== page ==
By Mike Godsey

by Mike Godsey,

Ask any long-term windsurfer or kiter and they will tell you the Bay Area winds are changing.

3 basic wind patterns

For many decades there were 3 basic wind patterns during the summer.

  1. The NW pattern with winds the North Pacific High being sucked through the W to NW facing gaps in the Coast Range. These were mostly steady winds unless there were strong NW winds just aloft.
  2. Pure thermal winds associated with fog as mild ocean winds were sucked towards the Central Valley. These were almost always steady winds.
  3. Marine Surge winds which created an abrupt end to a heatwave as southerly ocean winds moved up the coast from near Southern California These were almost always steady winds.

The PULL of the Central Valley

A major factor in all of these winds was the pressure gradient to the Central Valley. The sunny skies in the Central Valley heat the land which heats and expands the air creating a low-pressure area. This low-pressure area sucks the ocean winds through the gaps in the Coast Range. Since the low-pressure is created over a very large area it is a very constant pressure gradient. And this means very steady winds as the gradient pulls or sucks the wind in a constant manner.

But slowly starting about 20 years ago the North Pacific High changed its summertime location and shape.

Very frequently this results in the North Pacific High pushing a lobe known as a ridge into far Northern California. This in turn makes the surface ocean winds west of the ocean buoys and the winds just aloft NNW rather than the historical average of NW winds.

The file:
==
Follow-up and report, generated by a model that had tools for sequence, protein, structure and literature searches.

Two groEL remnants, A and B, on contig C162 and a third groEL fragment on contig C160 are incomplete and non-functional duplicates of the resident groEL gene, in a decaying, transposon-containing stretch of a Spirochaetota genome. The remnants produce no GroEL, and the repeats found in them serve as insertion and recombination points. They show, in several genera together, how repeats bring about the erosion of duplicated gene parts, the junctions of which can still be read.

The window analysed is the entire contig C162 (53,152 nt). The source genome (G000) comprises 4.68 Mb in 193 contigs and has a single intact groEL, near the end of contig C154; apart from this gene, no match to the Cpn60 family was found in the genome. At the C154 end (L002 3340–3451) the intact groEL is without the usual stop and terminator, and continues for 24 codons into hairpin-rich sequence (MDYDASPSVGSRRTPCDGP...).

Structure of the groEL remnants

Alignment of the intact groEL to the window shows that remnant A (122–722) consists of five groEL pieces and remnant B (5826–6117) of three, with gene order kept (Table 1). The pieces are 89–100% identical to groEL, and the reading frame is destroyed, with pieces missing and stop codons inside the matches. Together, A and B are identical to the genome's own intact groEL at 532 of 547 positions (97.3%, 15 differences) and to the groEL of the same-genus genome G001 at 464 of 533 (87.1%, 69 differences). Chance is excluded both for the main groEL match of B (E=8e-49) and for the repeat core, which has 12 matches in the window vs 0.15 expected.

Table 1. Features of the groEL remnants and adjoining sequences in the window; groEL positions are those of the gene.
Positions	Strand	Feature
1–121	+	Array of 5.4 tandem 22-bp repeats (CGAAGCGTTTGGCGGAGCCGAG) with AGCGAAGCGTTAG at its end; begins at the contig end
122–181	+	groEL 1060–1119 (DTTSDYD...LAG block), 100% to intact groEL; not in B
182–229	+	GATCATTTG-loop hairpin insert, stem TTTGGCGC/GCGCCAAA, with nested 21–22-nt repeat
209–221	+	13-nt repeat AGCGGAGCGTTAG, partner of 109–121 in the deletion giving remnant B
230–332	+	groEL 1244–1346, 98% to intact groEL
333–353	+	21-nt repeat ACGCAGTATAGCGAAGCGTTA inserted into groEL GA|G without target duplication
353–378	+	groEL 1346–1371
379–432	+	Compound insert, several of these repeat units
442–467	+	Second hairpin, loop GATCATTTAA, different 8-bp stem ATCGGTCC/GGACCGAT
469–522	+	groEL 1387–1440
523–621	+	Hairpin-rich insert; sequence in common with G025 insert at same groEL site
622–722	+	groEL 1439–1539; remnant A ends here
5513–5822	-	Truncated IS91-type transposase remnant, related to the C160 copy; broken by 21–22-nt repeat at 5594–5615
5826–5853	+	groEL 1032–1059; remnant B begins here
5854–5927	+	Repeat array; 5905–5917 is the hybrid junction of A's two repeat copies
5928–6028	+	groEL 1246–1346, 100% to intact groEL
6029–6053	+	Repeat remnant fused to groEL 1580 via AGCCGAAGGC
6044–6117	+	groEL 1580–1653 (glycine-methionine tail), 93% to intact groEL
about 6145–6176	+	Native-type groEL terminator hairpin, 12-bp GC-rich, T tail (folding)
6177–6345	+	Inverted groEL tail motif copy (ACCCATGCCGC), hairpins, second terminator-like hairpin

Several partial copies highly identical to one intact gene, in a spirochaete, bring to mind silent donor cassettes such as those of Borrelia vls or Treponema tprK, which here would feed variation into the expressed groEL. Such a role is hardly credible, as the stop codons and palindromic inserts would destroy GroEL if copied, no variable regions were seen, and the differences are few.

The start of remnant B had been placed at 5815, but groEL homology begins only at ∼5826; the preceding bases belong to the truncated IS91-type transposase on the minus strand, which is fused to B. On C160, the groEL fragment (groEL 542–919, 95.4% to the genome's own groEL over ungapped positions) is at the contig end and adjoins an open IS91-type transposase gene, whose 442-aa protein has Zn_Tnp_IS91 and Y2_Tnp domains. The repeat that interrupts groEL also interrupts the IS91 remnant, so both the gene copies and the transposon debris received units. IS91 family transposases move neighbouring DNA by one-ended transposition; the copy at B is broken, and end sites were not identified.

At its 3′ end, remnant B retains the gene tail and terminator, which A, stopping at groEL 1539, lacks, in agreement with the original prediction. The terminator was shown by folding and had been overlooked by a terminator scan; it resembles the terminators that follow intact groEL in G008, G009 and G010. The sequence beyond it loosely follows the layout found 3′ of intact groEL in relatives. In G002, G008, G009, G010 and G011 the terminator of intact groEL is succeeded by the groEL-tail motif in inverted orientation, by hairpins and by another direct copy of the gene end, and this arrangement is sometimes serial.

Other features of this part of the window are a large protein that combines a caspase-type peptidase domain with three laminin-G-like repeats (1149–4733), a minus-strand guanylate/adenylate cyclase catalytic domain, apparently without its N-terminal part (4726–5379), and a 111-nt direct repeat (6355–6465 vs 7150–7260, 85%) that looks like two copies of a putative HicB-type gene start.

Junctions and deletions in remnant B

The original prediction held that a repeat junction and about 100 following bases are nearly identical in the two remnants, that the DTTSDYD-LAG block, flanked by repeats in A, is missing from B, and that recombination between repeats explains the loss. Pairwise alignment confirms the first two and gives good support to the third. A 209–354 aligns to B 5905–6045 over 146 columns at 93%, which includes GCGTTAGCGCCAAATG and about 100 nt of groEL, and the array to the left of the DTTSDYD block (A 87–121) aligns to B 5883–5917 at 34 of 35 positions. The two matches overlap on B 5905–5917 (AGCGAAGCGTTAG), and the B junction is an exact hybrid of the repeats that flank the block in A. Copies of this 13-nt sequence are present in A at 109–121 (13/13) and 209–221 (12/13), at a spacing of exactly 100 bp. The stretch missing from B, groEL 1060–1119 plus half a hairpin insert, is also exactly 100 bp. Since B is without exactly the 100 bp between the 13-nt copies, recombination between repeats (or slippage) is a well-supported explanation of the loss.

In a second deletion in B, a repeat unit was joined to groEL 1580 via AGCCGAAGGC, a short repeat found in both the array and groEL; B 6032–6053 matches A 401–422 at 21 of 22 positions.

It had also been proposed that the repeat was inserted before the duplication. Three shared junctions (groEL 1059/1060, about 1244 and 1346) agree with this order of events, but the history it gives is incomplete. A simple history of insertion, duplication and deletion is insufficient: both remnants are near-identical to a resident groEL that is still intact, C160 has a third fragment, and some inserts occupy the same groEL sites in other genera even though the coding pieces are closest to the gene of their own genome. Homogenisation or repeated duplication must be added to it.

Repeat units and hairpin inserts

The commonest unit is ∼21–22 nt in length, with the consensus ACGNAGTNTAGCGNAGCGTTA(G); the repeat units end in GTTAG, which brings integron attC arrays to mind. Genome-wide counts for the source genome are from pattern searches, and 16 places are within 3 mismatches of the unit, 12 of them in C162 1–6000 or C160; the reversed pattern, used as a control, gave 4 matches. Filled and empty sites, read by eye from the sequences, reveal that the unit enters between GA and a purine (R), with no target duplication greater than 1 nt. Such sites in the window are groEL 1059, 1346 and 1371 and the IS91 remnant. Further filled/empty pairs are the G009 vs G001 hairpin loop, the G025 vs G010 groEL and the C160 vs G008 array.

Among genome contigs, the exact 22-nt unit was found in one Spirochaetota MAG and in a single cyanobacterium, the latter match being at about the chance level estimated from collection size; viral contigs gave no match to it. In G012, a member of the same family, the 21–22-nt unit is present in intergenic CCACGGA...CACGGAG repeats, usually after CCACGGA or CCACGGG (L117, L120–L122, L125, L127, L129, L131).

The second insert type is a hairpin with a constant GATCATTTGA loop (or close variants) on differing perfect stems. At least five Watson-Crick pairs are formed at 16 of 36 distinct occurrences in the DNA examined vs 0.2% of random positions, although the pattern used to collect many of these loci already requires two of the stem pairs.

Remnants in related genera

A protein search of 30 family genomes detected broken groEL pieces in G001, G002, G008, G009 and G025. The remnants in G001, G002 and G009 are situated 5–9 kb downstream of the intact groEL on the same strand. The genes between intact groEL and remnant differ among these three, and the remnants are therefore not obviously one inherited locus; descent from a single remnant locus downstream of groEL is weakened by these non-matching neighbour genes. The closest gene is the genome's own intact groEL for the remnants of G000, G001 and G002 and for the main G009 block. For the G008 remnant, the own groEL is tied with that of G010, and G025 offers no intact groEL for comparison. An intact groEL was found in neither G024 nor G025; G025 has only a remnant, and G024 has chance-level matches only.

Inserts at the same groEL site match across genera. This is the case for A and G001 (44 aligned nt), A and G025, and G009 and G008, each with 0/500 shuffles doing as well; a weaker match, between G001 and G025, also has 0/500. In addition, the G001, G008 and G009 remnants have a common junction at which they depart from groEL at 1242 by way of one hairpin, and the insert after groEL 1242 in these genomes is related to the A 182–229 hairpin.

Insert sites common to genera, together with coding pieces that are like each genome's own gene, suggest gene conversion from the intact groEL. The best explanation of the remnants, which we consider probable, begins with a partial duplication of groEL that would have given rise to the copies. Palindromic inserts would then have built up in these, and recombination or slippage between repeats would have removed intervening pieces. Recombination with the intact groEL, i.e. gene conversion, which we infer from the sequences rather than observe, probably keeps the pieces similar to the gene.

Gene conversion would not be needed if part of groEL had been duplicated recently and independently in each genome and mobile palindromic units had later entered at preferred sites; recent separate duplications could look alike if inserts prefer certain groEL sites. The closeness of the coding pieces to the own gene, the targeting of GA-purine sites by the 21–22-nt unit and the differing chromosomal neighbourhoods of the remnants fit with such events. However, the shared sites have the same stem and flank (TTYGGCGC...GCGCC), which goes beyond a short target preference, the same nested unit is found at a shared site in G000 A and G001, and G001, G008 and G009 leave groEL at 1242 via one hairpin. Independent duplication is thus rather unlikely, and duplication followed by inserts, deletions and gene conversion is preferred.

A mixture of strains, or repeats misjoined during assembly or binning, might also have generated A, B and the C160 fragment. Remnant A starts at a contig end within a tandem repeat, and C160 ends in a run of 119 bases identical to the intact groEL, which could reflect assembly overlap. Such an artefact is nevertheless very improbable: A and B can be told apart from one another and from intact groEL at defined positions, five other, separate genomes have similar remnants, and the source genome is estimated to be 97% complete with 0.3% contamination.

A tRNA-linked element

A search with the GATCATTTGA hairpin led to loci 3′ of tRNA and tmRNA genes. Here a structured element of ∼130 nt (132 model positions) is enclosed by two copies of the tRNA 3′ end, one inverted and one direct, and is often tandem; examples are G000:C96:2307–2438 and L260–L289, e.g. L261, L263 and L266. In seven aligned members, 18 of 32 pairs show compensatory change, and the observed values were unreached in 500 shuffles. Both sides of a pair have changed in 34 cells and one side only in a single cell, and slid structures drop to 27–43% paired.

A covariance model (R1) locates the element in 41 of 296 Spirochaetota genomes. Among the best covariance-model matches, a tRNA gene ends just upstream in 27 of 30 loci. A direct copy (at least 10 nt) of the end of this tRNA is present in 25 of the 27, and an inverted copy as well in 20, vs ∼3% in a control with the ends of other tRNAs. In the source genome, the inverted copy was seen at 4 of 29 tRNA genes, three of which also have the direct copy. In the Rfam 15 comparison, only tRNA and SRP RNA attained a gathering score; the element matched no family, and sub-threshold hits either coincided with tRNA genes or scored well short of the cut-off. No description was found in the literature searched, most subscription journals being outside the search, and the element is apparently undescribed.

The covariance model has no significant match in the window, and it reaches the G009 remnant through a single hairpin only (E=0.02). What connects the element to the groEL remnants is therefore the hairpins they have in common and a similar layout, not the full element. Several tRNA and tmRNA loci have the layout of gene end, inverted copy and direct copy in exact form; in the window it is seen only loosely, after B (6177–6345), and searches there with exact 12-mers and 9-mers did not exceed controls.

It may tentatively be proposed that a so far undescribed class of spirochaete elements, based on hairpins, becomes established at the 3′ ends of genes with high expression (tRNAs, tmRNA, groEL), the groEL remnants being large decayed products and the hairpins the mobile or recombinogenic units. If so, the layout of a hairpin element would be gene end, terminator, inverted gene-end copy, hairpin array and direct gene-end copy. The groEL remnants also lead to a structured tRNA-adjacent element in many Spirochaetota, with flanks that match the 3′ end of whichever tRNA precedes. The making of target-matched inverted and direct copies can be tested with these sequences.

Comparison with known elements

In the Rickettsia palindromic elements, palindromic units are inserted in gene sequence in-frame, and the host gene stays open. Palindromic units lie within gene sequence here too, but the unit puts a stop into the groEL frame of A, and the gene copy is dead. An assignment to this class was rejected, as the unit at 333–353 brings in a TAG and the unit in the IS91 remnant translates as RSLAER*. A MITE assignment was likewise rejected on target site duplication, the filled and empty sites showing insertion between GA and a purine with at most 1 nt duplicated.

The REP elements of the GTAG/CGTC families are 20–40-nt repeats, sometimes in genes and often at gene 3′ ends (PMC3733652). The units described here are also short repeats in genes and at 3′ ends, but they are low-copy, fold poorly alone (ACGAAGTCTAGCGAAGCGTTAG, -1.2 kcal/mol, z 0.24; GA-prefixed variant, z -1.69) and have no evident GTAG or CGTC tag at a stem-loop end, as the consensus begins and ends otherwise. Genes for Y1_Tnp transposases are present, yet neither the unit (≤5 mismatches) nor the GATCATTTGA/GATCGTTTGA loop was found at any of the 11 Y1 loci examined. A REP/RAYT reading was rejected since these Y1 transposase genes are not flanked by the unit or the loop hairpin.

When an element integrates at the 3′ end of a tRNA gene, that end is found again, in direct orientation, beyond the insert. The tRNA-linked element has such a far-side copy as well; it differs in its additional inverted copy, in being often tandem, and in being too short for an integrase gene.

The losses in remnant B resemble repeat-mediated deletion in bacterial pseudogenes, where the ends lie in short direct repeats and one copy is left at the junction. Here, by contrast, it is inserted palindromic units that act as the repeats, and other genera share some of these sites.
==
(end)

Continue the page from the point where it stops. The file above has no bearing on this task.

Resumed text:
Through a complex and difficult to predict process this NNW flow creates counterclockwise eddies of varying size in the area from Bodega to Half Moon Bay.

The PUSH of the Eddy

You can see these southerly ocean winds in this model animation for today, July 14, 2121. Find the center of the eddy and the NNW winds on one side and the southerly winds on the coast.

Notice how these southerly winds are accelerated as they are compressed by the Coast Range. The Coast Range also make these southerly wind turbulent so the normally steady winds associated with the marine layer become gusty as they are pushed into the Bay then the pressure gradient to the Central Valley sucks these gusty winds to the launch sites.

So think of our normal winds as being steadily PULLED towards the Central Valley. While the eddy winds are PUSHED against the Coast Range and into the Bay.

Hence when you see an eddy in the forecast expect the winds to be more gusty than usual. And since eddies are becoming more common we have more gusty days.